Intesa Sanpaolo Collection
Gallerie d’Italia – Piazza Scala, Milan

The Achromes amount to ethereal, off-white slabs, and the 1958 example from the Intesa Sanpaolo collection is a fine one. It is as much sculpture as painting, its swathe of central corrugations exquisitely articulated.


At first glance, the Achromes – with their undulating form – recall anything from crumpled bedsheets to the ridges of a ploughed field. But soon these associations give way to pure abstraction. The white seems to exist in a realm almost beyond our understanding – or, paraphrasing Kandinsky – seems to evoke “the nothingness that is before birth”.


Manzoni would later expand his Achrome repertoire through the application of other materials to his canvas – felt, pebbles, gravel, bread rolls, cotton wadding – before the process of dipping in kaolin.


Intesa Sanpaolo owns one of these works, too, from 1963 – comprising various polystyrene balls. Both this and the 1958 Achrome form part of the bank’s stellar collection of modern and contemporary Italian art and also feature in 101/900, a new publication cataloguing 101 of Intesa Sanpaolo’s best works from the 20th century.


The Achromes reveal Manzoni as one of the most daring painters of recent decades. Alongside his compatriots Alberto Burri (who blow-torched his canvases with fire) and Lucio Fontana (who slashed his with knives), he revolutionised the medium, insisting painters should quit standing in front of the canvas “as though it were a surface to be covered with colours and forms”. Nothing short of tabula rasa was what he sought.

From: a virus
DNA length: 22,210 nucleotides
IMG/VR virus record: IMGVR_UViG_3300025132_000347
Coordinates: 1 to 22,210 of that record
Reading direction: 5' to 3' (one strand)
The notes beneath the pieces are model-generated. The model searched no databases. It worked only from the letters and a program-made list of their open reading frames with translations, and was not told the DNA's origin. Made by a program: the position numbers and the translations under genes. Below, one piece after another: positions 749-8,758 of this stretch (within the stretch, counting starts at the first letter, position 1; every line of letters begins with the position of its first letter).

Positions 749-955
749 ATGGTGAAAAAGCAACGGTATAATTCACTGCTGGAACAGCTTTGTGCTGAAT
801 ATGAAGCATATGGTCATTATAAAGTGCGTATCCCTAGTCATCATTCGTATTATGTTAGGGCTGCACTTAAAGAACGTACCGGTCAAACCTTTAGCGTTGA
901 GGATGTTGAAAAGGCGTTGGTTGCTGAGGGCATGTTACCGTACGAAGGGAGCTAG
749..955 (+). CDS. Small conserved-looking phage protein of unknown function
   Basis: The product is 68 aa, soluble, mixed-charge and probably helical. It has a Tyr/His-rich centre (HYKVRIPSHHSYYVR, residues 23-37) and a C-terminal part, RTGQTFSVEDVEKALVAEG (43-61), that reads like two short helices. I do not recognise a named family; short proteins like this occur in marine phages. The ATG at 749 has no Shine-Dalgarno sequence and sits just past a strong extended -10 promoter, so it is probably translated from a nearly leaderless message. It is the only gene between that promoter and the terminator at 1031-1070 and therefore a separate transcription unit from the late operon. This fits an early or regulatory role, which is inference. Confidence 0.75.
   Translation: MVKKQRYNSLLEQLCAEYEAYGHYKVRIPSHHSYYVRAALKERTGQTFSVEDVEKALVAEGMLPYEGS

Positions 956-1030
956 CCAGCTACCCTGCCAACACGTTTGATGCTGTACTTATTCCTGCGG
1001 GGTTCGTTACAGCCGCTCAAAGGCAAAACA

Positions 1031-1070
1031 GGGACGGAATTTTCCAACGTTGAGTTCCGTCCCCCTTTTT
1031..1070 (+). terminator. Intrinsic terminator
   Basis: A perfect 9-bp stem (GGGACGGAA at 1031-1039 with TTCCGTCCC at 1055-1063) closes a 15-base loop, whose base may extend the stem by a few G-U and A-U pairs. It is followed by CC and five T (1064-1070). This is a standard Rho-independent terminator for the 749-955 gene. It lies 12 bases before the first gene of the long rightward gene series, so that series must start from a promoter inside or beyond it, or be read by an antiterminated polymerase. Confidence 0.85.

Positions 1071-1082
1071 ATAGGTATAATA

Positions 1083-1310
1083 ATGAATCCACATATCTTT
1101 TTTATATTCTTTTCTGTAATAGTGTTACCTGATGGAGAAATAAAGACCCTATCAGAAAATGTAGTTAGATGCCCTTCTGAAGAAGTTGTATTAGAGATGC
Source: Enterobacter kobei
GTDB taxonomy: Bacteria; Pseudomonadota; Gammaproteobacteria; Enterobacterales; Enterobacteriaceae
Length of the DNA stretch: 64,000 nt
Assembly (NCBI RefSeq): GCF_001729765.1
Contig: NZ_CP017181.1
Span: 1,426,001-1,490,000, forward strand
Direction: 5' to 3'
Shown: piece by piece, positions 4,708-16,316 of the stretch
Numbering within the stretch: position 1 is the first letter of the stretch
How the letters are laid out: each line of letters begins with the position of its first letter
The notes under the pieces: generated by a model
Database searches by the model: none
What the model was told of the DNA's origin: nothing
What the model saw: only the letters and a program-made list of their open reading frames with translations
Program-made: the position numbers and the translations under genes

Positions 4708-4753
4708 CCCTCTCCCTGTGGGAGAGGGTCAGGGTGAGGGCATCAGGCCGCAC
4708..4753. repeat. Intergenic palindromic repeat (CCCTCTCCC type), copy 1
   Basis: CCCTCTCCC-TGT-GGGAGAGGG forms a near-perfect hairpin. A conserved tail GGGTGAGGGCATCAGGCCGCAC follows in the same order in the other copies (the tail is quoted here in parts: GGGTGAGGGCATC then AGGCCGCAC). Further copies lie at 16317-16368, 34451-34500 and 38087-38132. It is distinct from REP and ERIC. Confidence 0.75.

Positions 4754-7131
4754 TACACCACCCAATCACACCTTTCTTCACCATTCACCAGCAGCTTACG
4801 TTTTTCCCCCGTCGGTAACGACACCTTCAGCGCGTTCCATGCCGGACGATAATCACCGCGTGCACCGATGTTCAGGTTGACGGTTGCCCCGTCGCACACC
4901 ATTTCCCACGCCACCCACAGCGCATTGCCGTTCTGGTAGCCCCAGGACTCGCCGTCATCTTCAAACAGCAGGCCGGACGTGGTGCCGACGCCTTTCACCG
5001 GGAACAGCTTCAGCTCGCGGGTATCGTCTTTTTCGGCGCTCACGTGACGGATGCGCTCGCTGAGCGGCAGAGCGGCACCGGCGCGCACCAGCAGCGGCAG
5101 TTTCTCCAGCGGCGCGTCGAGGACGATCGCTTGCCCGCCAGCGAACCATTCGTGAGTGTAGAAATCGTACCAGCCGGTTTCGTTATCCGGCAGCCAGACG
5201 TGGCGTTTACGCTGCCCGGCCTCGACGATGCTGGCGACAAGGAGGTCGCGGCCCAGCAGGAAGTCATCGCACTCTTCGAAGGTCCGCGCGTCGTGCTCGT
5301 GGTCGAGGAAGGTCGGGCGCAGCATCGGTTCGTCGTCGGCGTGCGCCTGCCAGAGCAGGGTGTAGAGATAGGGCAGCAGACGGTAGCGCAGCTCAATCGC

Even in such a short career, Manzoni's impact on art was major. And the market, belatedly, is now catching up with this fact.

An Achrome regularly fetches millions of pounds at auction, the record being £12.6m at Sotheby’s in 2014.


In part this is a response to the recent rise in demand and prices for post-War Italian art generally, which seems to have steepled as collectors (particularly in the US) realise this is a critically important, but commercially untapped market; and appreciate that not all pioneering work from the era was made in New York.


More specifically, perhaps there’s a growing awareness of just how influential an artist Manzoni was: for instance, in his paving the way for Performance art; for Conceptual art (his cans of Merda were as much ideas as objects, in that we never see the fetid contents within the can but have to imagine them). Through his use of humble, everyday materials, he heralded the Minimalism and Arte Povera movements of the late Sixties, too.

Above and beyond influence, however, Manzoni – for all his pranks and ostensible disdain for traditional beauty in painting – ended up, with his Achromes, creating some of the most beautiful paintings in living memory.



Cover Photo:
Piero Manzoni
(Soncino, Cremona 1933 – Milan 1963)
Achrome, 1958
kaolin and creased canvas, 70×100
Intesa Sanpaolo Collection
Gallerie d’Italia – Piazza Scala, Milan